My technology pick of the week this week is actually a two for one mention for a helpful Web 2.0 service for storing and organizing photos online along with a cool browser plug-in for previewing online photos and videos. First for those of you that don’t already know about Flickr; the Flickr service offers an online storage space for you to upload and share digital photographs with others. You can establish a copyright or creative commons license regarding how you would like to share these photographs online with others. Flickr is part of Yahoo and has been around since 2004. If you have used the social bookmarking service this concept will seem familiar to you as is also from Yahoo so you will see some commonality between the Flickr and services. To learn more about be sure to checkout the archived version of Episode 12 of TechTalk4Teachers.

TechTalk4Teachers – Episode 12:

The Flickr service is built around uploading photos for online storage and tagging of your digital photographs by keyword so that you can organize and easily find them when you need to. Like you can search on a keyword tag for your collection or also see the photographs of other Flickr users tagged with the same keyword. Since we are dealing with photo content there is not a completely safe way to screen the content of all pictures tagged and therefore any use of this service in a classroom setting needs to take this into consideration. This service may be blocked by content filtering services at schools for this very reason. A link to the Flickr service is provided in the show notes. – Online photo sharing site.

My second Pick of the Week goes to a plug-in for the Internet Explorer and Firefox browsers that is a really cool new way of previewing photo images or videos on websites. This requires a download of the plug-in for your browser of choice but once installed offers an attractive and easy method for viewing photos online. The name of this browser plug-in is PicLens. The PicLens plug-in works with Google images, Flickr, YouTube, and other websites that display photographs or videos and allows the user to quickly scroll thru tons of images very quickly to find what you are looking using a very attractive 3D interface. Like the Flickr service the user needs to be aware that photographic and video content cannot be guaranteed to be appropriate for all audiences so as with all of these services be very careful with any photographic and video content from the web. I recommend that you download material you wish to use that is safe for classroom use rather than rely upon an open service that may contain inappropriate content that can change at anytime.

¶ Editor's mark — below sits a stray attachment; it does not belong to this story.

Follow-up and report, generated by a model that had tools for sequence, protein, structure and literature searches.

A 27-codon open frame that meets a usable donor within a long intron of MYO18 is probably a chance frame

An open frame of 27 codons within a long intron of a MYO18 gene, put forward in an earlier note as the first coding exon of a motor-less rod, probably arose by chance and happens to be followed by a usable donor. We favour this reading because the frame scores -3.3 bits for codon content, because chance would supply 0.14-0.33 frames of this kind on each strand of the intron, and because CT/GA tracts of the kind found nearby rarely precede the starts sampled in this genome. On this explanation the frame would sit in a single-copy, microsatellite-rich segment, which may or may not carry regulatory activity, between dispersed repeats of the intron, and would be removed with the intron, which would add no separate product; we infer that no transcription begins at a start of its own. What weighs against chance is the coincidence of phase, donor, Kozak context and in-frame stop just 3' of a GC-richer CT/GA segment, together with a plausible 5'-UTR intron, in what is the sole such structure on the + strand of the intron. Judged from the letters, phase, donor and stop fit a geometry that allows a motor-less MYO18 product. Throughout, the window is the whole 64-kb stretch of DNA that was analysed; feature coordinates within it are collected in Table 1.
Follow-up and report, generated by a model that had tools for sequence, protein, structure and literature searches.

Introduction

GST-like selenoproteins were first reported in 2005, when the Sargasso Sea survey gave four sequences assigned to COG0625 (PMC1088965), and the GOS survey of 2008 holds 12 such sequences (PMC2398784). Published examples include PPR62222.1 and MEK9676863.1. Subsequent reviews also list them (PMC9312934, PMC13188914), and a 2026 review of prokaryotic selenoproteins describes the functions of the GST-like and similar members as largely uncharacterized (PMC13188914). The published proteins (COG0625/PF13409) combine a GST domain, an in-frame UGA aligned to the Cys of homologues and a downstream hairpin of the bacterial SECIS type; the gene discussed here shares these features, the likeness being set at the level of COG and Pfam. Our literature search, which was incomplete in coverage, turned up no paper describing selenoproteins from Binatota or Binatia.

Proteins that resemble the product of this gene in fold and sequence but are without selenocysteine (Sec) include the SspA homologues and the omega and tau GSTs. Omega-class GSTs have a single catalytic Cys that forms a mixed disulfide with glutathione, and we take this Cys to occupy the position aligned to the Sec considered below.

PicLens – Provides an immersive full-screen 3D viewing experience for viewing photographs and videos online:

If you have not seen PicLens in action I encourage you to click on the link provided in the show notes and view the demo on this very impressive browser plug-in.
That wraps it up for episode 38 of TechTalk4Teachers. Show notes for this episode along with archived versions are available on the web at the EIU Instructional Technology Center website at just click on the Techtalk4Teachers Podcast link. If you would like to make a comment or suggestion please send an email to or leave a comment on the TechTalk4Teachers blog. Until next time this is Tom Grissom, keep on learning